Regardless of what brand of interfacing you decide to purchase, always follow the directions.  And if your interfacing does not come with application directions, call the place where you bought it, and ask. At, we include a detailed set of instructions with every order, and a PDF download of those instructions is  available in the Tutorial section of our site. And soon, more useful information about using  our Pro-Series interfacing will be available to download. In the meantime here are some links to some cool ways to use and apply interfacing (now on my blog site) that you might find interesting and useful:

What are some common mistakes sewers make when applying interfacing, and how can they be avoided?
The most common mistake I see and hear about, is not preparing/pre-treating the fashion (sewing) fabric you are using by washing, steaming, or dry-cleaning it before the interfacing is applied. Our Pro-Series interfacings from do not shrink, but your fabric might. So please pre-treat your fabric!  If you see bubbles or ripples after washing your finished garment, it is for two possible reasons: 1. The interfacing you used was not of high quality and shrunk, pulling the fabric along with it.  2. Your fabric shrunk, and pulled the interfacing along with it. And one more very important thing...always follow the directions that come with your interfacing.

What are the types of interfacing you recommend every sewer have on hand, and why?
I am often asked this question, and I recommend that sewers have the following interfacings on hand, and because they are of such fine quality, even if you do not use them for years they will still be as "fresh" as the day they were milled.  And remember, because they are so wide, one yard goes a long way.

-- Pro-Weft Supreme Light (and Medium) Fusible Interfacing,
for most tailoring applications and collars/cuffs on shirts made from medium weight fabrics like flannel and denim.
-- Pro-Tricot Deluxe Fusible Interfacing,
for all weights of knit fabrics.
-- Pro-Sheer Elegance Fusible Interfacing,
for lightweight woven fabrics like dress/blouse-weight cottons and linens, cotton lawn, "silky" polyesters, and most silks.
And if you make classic shirts, having Pro-Woven Shirt Crisp Fusible Interfacing on hand will help make your shirts look like the expensive designer shirts you  see in upscale boutiques!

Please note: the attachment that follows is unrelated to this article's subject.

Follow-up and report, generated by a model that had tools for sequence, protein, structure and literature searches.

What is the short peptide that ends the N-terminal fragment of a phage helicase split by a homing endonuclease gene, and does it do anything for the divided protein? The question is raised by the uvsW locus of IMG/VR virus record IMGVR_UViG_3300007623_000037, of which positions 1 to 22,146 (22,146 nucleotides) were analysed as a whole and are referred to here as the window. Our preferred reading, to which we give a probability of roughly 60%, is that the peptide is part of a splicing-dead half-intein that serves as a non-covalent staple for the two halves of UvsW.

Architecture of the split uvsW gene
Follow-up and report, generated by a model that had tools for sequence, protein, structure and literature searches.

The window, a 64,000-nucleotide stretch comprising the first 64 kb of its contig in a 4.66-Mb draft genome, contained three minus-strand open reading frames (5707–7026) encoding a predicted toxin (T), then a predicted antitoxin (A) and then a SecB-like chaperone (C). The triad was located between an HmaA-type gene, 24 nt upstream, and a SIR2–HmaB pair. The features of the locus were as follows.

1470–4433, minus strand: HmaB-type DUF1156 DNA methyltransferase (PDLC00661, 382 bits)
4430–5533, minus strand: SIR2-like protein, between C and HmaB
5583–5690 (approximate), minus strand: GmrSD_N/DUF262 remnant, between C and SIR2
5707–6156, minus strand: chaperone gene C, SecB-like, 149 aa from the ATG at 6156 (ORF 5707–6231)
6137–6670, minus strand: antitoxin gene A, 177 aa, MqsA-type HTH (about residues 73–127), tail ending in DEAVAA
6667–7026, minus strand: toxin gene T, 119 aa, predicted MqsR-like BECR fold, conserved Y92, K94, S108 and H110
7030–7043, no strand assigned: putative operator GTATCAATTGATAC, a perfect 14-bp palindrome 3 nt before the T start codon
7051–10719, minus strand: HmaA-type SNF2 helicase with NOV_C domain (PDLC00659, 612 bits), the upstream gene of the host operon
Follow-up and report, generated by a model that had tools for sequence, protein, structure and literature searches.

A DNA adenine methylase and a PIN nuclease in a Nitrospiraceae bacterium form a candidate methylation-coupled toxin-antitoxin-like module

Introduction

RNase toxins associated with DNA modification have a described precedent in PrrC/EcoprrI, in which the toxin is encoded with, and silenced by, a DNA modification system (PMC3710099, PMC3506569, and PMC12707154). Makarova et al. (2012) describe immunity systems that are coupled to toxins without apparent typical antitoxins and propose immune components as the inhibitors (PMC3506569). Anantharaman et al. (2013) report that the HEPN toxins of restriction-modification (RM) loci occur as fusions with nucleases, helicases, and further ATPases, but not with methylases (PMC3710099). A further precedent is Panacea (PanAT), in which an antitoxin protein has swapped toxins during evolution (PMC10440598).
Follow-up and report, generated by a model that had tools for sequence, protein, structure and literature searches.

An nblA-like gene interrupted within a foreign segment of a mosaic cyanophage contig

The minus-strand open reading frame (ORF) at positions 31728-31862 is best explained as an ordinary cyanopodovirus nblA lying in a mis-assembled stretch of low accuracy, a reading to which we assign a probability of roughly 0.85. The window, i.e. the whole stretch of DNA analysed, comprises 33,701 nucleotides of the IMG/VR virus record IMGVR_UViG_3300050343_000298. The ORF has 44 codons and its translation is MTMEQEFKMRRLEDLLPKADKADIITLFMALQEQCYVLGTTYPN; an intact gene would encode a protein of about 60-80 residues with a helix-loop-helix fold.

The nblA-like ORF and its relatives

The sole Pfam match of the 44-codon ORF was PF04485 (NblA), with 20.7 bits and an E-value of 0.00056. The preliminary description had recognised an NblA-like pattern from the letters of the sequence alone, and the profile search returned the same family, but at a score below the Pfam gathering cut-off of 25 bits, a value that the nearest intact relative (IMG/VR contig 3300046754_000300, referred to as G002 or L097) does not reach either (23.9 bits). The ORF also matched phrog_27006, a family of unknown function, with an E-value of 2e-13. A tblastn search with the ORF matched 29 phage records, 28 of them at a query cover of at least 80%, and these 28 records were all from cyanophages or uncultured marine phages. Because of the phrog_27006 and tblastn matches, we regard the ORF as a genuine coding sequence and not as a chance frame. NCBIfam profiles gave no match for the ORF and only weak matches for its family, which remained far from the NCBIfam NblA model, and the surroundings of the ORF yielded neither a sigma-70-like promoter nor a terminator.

Gertie, in closing...I would like to offer your blog readers a special offer. Get 10% OFF  your entire purchase at by using the Coupon Code GERTIE10 during checkout. This coupon-code will be good for 5 days, starting on the day this interview appears on Gertie's Blog. 
(And don't worry...if you have already purchased interfacing from us within the past few days, we added 10% more to each yard we cut for you :)

Wednesday, March 7, 2012

Dude, We Bought a House.

Life changes are afoot! Jeff and I have been in the process of buying, um, a house. We closed on it yesterday, and then we bought a car for good measure! We're moving to Beacon, NY, as of next week. I'm a little overwhelmed right now and not really in the best blogging state of mind, so things may be a bit quiet here.

My plans for the next couple weeks consist of: 1) staying sane while packing up our little Queens apartment, 2) sewing curtains and pillows with the garment fabrics I have on hand, 3) purchasing the washer/dryer of my dreams, and 4) blogging as much (or as little) as I can.

Things are changing, but not too much. I'll still be here, and I'll still be teaching at The Sewing Studio in New York City. (Want to help a girl pay her mortgage? I still offer private lessons!) When I set up my new studio in the new house, I'll be back to sewing my usual stuff.

Readers, I'm so excited. Jeff and I have wanted this for a while. And it's happening! Thank for your support; it means the world to me to get your nice comments and emails every day.

P.S. The cats have no idea what's in store for them.

Tuesday, March 6, 2012

Scenes from the Sewing and Stitchery Expo